Tuesday, 21 January 2014
The Blind Spot series - 2014 Edition
Just like the year before, my quest to do monthly Blind Spot posts came up just a bit short - counting yesterday's post as part of last year's set still left me one shy of an even dozen. That's OK though...And since I watch 2 per month to bundle into a single post, I still managed to see and jot down a few things about 22 movies that have been stalled on my "To Watch" list. Also, the vast majority of what I saw was well worth the wait and confounded expectations that had been in place for years. Even the ones that didn't gave me something to consider. So this whole idea behind the Blind Spot series (kicked off 2 years ago by top notch Toronto blogger/writer dudes James McNally and Ryan McNeil) is perfect for me - it pokes and prods us into finally getting around to those films that we not only feel are classics we should see, but are ones we really want to see. In other words, it helps push slackards like myself to get to those titles that have sat unseen.
I'll probably try to write some shorter posts this year since one of my big stumbling blocks is approaching a task of writing and then finding it a bit daunting. If it becomes a chore, then I probably shouldn't be doing it. We'll see how that plays out, but I'm hopeful I can actually stay with it, see all 24, capture a few of my thoughts on a monthly basis and actually submit them on time too (each Blindspot post is "due" the last Tuesday of each month). I really have enjoyed the process of finding commonalities and differences between the movies in each paring and have definitely hit some surprises along the way, so I expect more of the same.
So here is my initial cut at the parings I'm looking at for 2014. Of course, I reserve the right to scrap them and alter my choices based on nothing more than a whim...
Breaking The Waves (1996)
Shanghai Express (1932)
One of the pairings I didn't get around to last year, so let's give it another shot. Almost 65 years separate these two stories of women and their sacrifices - it just takes one of them exactly twice as long as the other to tell its version.
Best Years Of Our Lives (1946)
Ashes And Diamonds (1958)
The other pairing I didn't do last year was Best Years Of Our Lives and From Here To Eternity since I replaced them with a couple of Westerns. On rethinking that skipped pairing for this year, I still want to get to Best Years, but this time out I thought I would match it up with another post-war story. I'm expecting the view from Poland to be in sharp contrast to the one from the U.S. though.
West Side Story (1961)
42nd Street (1933)
Busby Berkeley's flights of imagination seem to be a good match for the colour and choreography of West Side.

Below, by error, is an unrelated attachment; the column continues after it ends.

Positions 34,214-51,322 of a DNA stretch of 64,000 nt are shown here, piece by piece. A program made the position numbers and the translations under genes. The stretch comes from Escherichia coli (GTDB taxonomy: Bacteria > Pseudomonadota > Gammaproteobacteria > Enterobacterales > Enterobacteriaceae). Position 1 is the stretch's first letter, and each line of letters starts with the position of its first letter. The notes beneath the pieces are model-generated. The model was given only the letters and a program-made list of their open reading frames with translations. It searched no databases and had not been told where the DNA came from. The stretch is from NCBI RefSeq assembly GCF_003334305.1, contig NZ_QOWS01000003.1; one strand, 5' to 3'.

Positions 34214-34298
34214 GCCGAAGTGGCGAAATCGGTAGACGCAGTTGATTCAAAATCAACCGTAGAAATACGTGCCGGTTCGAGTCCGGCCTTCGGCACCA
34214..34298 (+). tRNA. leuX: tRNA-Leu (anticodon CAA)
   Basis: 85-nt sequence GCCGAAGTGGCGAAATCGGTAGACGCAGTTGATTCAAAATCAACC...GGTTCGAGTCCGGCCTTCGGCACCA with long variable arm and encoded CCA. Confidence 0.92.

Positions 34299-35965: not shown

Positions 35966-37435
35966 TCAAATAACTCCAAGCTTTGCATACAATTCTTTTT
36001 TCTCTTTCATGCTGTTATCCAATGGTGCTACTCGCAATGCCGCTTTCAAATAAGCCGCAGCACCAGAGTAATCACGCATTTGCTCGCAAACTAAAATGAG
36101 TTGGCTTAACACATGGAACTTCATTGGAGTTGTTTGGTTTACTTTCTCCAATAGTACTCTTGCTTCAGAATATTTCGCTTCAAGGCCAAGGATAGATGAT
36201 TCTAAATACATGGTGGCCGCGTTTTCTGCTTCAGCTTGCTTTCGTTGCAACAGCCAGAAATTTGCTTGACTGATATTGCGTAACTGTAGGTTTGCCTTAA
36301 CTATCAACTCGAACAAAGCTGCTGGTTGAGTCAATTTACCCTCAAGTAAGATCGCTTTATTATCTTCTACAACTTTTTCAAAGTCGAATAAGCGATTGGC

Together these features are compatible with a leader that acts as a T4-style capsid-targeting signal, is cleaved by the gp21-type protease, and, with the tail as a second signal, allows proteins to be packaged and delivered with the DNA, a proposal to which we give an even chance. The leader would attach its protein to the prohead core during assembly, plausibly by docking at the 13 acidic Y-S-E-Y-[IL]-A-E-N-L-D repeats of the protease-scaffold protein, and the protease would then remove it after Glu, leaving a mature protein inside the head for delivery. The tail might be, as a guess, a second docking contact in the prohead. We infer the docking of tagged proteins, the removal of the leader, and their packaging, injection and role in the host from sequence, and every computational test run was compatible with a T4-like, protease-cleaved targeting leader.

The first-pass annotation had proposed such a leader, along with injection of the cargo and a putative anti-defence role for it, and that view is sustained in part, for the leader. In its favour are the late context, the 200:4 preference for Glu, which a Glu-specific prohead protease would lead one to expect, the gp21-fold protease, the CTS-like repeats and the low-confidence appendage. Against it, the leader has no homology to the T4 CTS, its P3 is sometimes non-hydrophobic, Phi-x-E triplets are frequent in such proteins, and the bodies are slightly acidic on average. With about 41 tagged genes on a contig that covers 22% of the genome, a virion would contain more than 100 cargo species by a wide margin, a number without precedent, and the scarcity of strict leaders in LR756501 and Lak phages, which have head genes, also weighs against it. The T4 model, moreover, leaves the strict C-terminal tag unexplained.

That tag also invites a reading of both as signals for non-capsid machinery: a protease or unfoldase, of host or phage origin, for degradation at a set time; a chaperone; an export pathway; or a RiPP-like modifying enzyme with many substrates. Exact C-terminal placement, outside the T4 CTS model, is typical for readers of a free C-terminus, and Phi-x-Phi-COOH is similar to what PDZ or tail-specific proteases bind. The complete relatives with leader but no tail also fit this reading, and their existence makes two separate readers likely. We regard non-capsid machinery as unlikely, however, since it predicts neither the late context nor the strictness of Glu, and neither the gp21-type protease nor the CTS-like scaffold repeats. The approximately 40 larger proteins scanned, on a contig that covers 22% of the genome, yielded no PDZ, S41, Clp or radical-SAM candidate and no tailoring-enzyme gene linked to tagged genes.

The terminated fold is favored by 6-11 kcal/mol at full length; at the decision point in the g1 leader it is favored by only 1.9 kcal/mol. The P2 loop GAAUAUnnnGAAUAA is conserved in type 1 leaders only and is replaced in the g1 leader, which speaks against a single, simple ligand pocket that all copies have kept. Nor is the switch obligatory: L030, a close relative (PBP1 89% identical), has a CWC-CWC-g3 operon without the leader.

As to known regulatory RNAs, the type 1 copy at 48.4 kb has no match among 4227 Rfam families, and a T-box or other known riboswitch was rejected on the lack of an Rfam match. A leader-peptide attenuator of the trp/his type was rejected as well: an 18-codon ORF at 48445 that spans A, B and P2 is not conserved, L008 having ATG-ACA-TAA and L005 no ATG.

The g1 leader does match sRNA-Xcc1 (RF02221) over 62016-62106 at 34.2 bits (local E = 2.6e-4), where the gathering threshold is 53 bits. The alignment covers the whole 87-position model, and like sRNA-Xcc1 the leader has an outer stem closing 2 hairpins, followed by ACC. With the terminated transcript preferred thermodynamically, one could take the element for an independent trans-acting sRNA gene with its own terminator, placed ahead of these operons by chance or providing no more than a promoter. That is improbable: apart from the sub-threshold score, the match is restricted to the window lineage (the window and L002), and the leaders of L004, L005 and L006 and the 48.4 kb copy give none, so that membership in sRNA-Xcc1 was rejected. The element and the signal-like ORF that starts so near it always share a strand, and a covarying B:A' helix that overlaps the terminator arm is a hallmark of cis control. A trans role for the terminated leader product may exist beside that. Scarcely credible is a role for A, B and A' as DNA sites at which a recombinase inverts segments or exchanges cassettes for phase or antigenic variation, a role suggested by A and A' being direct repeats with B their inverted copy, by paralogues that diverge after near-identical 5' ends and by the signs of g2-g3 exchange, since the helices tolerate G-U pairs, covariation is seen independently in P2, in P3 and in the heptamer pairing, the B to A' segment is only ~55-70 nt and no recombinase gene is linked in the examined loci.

The Deer Hunter (1978)
Coming Home (1978)
It took awhile for bigger budgeted American films to recognize the Vietnam War, but when they did there was a plethora of titles that rolled out. Here are two of the more well acclaimed ones.
Last Temptation Of Christ (1988)
Last Tango In Paris (1972)
Temptation and sin. This struck me as a decidedly interesting combo.
Coal Miner's Daughter (1980)
Two struggling female singers find different routes to success, both fraught with consequences.
The 36th Chamber Of Shaolin (aka Shaolin Master Killer) (1978)
Five Deadly Venoms (1978)
Late 70s kung-fu is still a sadly unexplored region of film for me. I've seen a few - some epic and some plain silly - but I'm hoping these two hit the spot nicely.
A Night At The Opera (1935)
It's A Gift (1934)
I'm still surprised at myself for not having seen this particular Marx Brothers film. I think it's because it marks the transition to their latter period where they lost some of the spark of their earlier films. I fully expect this to be of equal caliber to those first anarchic comedies, so who better to pair up with the brothers than W.C. Fields.
Hiroshima Mon Amour (1959)
Lost Highway (1997)
Surrealism, fractured timelines and a world of confusion await me here. I can't wait.
East Of Eden (1955)
Who's Afraid Of Virginia Woolf (1966)
Brother against brother, husband versus wife - let's see how these family battles turn out.
Ride The High Country (1962)
Pat Garrett And Billy The Kid (1973)
OK, I'm getting a little lazy in my matchups at this point by simply picking two Sam Peckinpah Westerns. I don't care - I've been meaning and wanting to see both of these for years. Even if Sam isn't my favourite filmmaker, I have always found his choices to be interesting.
Sansho The Bailiff (1954)
An Autumn Afternoon (1962)
Again with the easy pairing - two classic Japanese films that I've oddly not found time for...In truth, I've only seen a single Ozu. And though I've seen plenty of Mizoguchi by now, I've somehow avoided Sansho. Time to rectify this matter.